Retirees build themselves a Radio Flyer car, a 117th birthday – and more from the week online


From news you can use to finds you might love, click through our picks from the week online.

And the award for most fun (and functional) retirement project goes to…

Fred Keller and Judy Foster always turn heads (and get smiles) when they ride their 1979 Mazda pickup truck around town. That’s because they’ve converted it into a giant Radio Flyer wagon-convertible, pull handle and all. Keller worked building airplanes before retiring, so he knew how to make a roadworthy vehicle. The project took about a year. The most frequent comment that their custom ride gets? “Awesome!” Read more about the car and other Radio Flyer cars here.

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Older brains are more similar to younger brains than we thought

Our brains clearly change, as we get older. However, it seems that plaque build-up that can cause dementia is not neuronal activity but from vascular (blood vessel) changes instead. Click here to read more.

What’s the secret to a long life? It might be sushi.

Japanese centenarian Misao Okawa turned 117 this week, making her the world’s oldest living person. Misao claims not to know the secret to a long life, but says that her favorite food is sushi. According to Guinness Book of World Records, Japan holds the world record for most centenarians per capita. Happy Birthday, Misao! Read more about Misao here.

 The smartest ideas for aging in place

Planning to stay put as you grow older? Most of us will need a little help making that work for us – and we’re not talking grab bars. The Huffington Post rounded up the top eight aging in place ideas – initiatives that are underway in various communities and that could be replicated where you live. Among them: The Bernard Osher Foundation’s Lifelong Learning Institutes, which make it easier for retirees to keep their brains active; the Food For Free programs in Cambridge Massachusetts, which deliver not meals but healthy foods that seniors can cook for themselves, including fresh produce; and the organization Doctors Making Housecalls, which sends clinicians to to homes in North Carolina. Read the rest of the list here.

Grandma is guilt-tripping New Yorkers – on the sides of buses

From “man-splaying” to bus The MTA thinks that telling commuters that their “grandma is watching,” will cause better bus etiquette. The ads read “Offer your seat to an elderly, disabled or pregnant person. Not only is it the right thing to do, but you’ll make your grandmother proud,” and will be rolled out on New York City’s 4,600 local buses over the next two months. Read more about the campaign here.

What a week for Hillary and her smartphone

Hillary Clinton’s habit of using her personal email account to conduct official Secretary of State business made headlines last week, with some saying that her personal email might be more secure than the email account, which has been comprised in the past. Regardless, one thing is for sure: Hillary is one senior who loves her smartphone. Check out this fun photo essay on Hillary’s love affair with her Blackberry.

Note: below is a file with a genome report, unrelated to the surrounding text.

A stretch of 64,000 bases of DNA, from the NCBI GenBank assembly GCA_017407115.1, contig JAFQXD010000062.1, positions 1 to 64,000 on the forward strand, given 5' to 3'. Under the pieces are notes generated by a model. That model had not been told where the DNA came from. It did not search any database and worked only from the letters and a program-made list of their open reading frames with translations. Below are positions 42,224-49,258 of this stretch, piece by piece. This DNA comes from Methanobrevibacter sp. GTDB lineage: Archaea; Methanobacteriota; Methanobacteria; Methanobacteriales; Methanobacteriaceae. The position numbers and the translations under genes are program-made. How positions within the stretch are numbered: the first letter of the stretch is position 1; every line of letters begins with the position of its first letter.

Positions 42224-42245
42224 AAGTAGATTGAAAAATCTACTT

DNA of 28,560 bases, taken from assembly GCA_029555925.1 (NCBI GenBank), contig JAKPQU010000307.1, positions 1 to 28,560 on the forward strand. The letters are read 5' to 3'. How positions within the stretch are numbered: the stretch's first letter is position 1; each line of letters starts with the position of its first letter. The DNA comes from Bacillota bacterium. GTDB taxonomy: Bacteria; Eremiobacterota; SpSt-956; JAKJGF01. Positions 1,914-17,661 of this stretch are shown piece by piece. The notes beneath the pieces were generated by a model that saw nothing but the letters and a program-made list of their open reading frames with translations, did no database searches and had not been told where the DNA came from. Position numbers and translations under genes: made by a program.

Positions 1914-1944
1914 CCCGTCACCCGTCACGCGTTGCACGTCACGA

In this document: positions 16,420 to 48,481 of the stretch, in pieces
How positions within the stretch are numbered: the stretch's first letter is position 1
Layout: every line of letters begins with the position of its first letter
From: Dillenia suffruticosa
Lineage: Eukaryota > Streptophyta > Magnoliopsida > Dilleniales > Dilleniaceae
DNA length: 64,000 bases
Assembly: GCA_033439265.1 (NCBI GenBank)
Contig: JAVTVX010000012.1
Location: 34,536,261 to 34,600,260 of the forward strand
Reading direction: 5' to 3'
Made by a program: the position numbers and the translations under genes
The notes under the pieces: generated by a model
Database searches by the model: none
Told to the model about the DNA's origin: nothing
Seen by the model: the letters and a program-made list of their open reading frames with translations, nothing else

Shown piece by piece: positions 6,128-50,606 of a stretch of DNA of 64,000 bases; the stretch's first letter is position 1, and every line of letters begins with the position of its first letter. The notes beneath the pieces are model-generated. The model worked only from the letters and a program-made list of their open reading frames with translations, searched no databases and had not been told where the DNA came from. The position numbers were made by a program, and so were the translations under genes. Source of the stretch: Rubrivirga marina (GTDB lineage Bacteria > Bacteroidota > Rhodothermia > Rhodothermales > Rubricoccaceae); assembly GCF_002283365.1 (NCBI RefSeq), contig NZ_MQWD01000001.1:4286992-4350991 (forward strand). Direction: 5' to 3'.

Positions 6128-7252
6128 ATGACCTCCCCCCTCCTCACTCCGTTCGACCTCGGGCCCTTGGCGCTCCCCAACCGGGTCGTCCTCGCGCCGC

One bar’s fight against ageism

Next time you’re in Barcelona, pay Entrepanez Diaz a visit. The bar’s owner, Kim Diaz, wanted to create an old-school 1950s ambiance and decided to only hire waiters who were around during that decade – but not just for their retro cred. “I was looking for waiters who are over 50 because I knew they’d be fantastic and because society has unjustly pushed them out of the job market,” Diaz told The Guardian. To read more about Diaz and older workers in the service industry, click here.

Old Technology: Customer service complaint circa 1750 B.C.

How often have you wished you could just punch in some numbers and get connected to a helpful customer service rep instead of dealing with phone trees or online email forms? Consider yourself lucky. A few thousand years ago, you would have had to use the old-fashioned version of an iPad – a stone tablet – and chisel you complaint. The site Laughing Squid last week featured the Babylonian customer service complaint below, which concerns the delivery of an inferior grade of copper ore. A Redditor (a member of the community site Reddit) translated the message, which goes something like this: “When you came, you said to me as follows: ‘I will give Gimil-Sin (when he comes) fine quality copper ingots.’ You left then but you did not do what you promised me. You put ingots which were not good before my messenger (Sit-Sin) and said: ‘If you want to take them, take them; if you do not want to take them, go away!’ What do you take me for, that you treat somebody like me with such contempt?… Click here to read the whole translation.


Trending on Twitter: #EncourageEveryoneIn4Words

There’s more than one way to see what’s trending (aka popular) on Twitter. One of the easiest ways is the Discover page. Located at the top of the Twitter dashboard is an icon that reads #Discover; simply click on it to see what people are tweeting about right now – it’s usually a hot news story, but once in a while someone comes up with a novel idea that goes viral. Last week, one of our favorite trends was #EncourageEveryoneIn4Words. The hashtag’s goal was to get people sharing their pithy pieces of inspiration in four-word tweets, creating an outpouring of encouragement. Check out all the creative tweets here.



Happy clicking! 


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